Biogeochemische Stoffkreisläufe des Erdorganismus

Aspekte zur unterschiedlichen Bedeutung der Ozeane und Kontinente
Elemente der Naturwissenschaft 2002, 2002, P. 101-114 | DOI: 10.18756/edn.2002-Sondernummer.101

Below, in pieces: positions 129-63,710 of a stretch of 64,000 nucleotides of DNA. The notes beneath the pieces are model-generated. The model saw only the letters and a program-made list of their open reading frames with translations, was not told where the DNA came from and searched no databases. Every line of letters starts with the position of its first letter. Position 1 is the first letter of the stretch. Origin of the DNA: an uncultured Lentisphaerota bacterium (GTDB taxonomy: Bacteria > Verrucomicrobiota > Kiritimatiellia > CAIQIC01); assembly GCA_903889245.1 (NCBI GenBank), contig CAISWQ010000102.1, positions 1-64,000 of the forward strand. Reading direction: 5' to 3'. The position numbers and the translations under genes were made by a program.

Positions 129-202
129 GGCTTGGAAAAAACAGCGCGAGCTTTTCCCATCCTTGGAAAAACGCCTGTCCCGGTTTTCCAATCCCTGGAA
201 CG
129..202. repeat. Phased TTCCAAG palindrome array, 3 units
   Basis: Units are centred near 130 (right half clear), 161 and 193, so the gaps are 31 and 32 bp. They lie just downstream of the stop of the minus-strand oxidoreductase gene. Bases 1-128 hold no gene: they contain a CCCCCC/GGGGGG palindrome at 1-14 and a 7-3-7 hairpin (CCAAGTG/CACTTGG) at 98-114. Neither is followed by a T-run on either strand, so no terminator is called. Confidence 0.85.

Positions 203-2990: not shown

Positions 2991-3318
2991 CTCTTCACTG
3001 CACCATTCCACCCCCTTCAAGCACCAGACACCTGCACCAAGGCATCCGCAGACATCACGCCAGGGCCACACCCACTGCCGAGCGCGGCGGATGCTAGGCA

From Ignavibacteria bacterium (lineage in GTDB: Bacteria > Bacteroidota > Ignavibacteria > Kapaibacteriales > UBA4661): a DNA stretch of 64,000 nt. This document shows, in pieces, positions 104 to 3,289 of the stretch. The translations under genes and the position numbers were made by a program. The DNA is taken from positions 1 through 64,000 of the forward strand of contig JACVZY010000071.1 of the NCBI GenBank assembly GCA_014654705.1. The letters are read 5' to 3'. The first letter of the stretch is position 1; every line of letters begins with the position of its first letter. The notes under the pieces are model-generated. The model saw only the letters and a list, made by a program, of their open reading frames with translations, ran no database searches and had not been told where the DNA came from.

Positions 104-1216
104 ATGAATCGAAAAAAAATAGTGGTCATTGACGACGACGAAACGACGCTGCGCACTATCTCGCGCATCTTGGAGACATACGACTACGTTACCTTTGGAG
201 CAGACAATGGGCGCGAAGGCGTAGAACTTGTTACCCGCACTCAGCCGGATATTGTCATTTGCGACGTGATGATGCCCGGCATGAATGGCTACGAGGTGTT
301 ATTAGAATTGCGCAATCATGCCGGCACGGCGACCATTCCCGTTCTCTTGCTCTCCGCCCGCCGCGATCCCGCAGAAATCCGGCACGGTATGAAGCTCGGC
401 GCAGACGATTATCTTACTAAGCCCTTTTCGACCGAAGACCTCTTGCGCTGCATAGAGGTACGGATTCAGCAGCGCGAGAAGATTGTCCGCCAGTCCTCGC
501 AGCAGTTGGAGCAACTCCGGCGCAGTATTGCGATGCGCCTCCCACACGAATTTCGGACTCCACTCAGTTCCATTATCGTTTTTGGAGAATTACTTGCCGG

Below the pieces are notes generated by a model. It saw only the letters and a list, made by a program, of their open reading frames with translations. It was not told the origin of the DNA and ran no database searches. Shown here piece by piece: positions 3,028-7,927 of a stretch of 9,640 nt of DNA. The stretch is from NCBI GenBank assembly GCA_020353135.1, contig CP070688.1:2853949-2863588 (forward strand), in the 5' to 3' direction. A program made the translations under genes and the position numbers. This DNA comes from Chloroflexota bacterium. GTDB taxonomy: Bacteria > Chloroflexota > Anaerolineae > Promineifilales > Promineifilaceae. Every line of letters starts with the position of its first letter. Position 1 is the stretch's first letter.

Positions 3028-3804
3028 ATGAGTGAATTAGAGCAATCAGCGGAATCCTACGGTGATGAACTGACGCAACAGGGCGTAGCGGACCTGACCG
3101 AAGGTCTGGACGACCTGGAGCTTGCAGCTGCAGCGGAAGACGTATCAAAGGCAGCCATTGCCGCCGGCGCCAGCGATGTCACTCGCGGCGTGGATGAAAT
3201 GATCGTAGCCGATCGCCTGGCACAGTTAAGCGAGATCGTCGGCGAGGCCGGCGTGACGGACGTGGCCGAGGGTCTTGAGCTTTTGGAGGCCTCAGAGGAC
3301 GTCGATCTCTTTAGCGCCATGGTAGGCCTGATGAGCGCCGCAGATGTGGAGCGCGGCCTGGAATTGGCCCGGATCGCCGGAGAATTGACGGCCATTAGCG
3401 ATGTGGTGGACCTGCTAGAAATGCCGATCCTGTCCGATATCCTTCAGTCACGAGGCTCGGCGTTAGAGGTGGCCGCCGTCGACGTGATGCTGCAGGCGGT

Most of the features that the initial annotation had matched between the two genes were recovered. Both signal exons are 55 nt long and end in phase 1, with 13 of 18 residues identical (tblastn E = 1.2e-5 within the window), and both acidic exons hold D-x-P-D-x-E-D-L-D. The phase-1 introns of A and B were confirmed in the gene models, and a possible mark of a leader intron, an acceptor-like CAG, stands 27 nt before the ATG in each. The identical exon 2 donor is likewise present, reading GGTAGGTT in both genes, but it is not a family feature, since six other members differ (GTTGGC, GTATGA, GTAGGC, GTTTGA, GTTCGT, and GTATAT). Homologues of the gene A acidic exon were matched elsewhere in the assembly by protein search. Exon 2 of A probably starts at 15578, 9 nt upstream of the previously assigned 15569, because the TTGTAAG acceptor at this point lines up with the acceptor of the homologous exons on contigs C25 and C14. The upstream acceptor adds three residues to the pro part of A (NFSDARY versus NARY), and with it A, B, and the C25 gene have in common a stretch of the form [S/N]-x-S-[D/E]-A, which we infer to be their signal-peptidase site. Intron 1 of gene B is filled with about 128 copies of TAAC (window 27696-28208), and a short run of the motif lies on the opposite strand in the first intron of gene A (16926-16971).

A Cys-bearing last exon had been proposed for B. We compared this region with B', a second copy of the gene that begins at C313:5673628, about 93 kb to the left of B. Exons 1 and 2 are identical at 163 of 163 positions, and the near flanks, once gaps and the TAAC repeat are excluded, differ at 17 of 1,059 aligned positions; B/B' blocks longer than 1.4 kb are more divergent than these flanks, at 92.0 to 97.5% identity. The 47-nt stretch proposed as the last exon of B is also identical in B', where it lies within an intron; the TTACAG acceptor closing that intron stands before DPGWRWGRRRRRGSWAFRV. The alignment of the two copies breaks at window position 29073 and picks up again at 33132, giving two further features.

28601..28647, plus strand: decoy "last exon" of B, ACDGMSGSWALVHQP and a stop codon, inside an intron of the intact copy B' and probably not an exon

Intensified research on global biogeochemical cycles in recent decades has led to a holistic concept of the earth, i.e. that it is considered as a self-regulating system, a whole, the biosphere and even as an organism. Besides the vegetation on the continents, particular micro-organisms such as phytoplankton algae and bacteria mediate these cycles because their physiological activities are directed primarily into the environment. The continents and the oceans participate very differently in these cycles. The great majority of the organic carbon originally fixed by photosynthetic primary production is bound in the land-based vegetation and humic substances in soil but only a small proportion is present as dissolved organic carbon in the ocean (19%) and less than 0.1 percent in the biomass of the phytoplankton. However, the land-based vegetation and the oceanic phytoplankton contribute equally to the global primary production (approx. 50x1015 g C/year), showing that the turnover rate of the organic carbon on land is slow as in aged organisms (on average 8 years) and in the ocean rapid (on average 15 days) symbolizing the continuous rejuvenating living force inherent to the aquatic realm. A more detailed view shows that the northern and southern hemisphere and the various regions of the continents and oceans such as the boreal grasslands and forests, the arid zones and tropical rain forests, and nutrient-rich upwelling regions and nutrient-poor central oceanic gyres are very differently involved in the global elemental cycling, not only with respect to carbon but also to oxygen and silicon. These differences have been detected by various means including different seasonal and latitudinal patterns of atmospheric C02 and oxygen. As demonstrated by increasing atmospheric CO; concentrations during the last fifty years, mankind has influenced the natural global carbon cycle by burning fossil fuel. Measurements of these global changes show that the earth responds in various regions With different emphases but overall in a holistic way. The awareness of these differences can lead us to perceiving the earth as an organism with its structured organization. Whether the earth is looked at as a self-regulating system or as an organism, however, depends more on the relationship we develop towards her rather than on the research facts. This relationship has great implications for how we deal with the earth, whether treating it like an object, as with a system, or like a living being having a future development.

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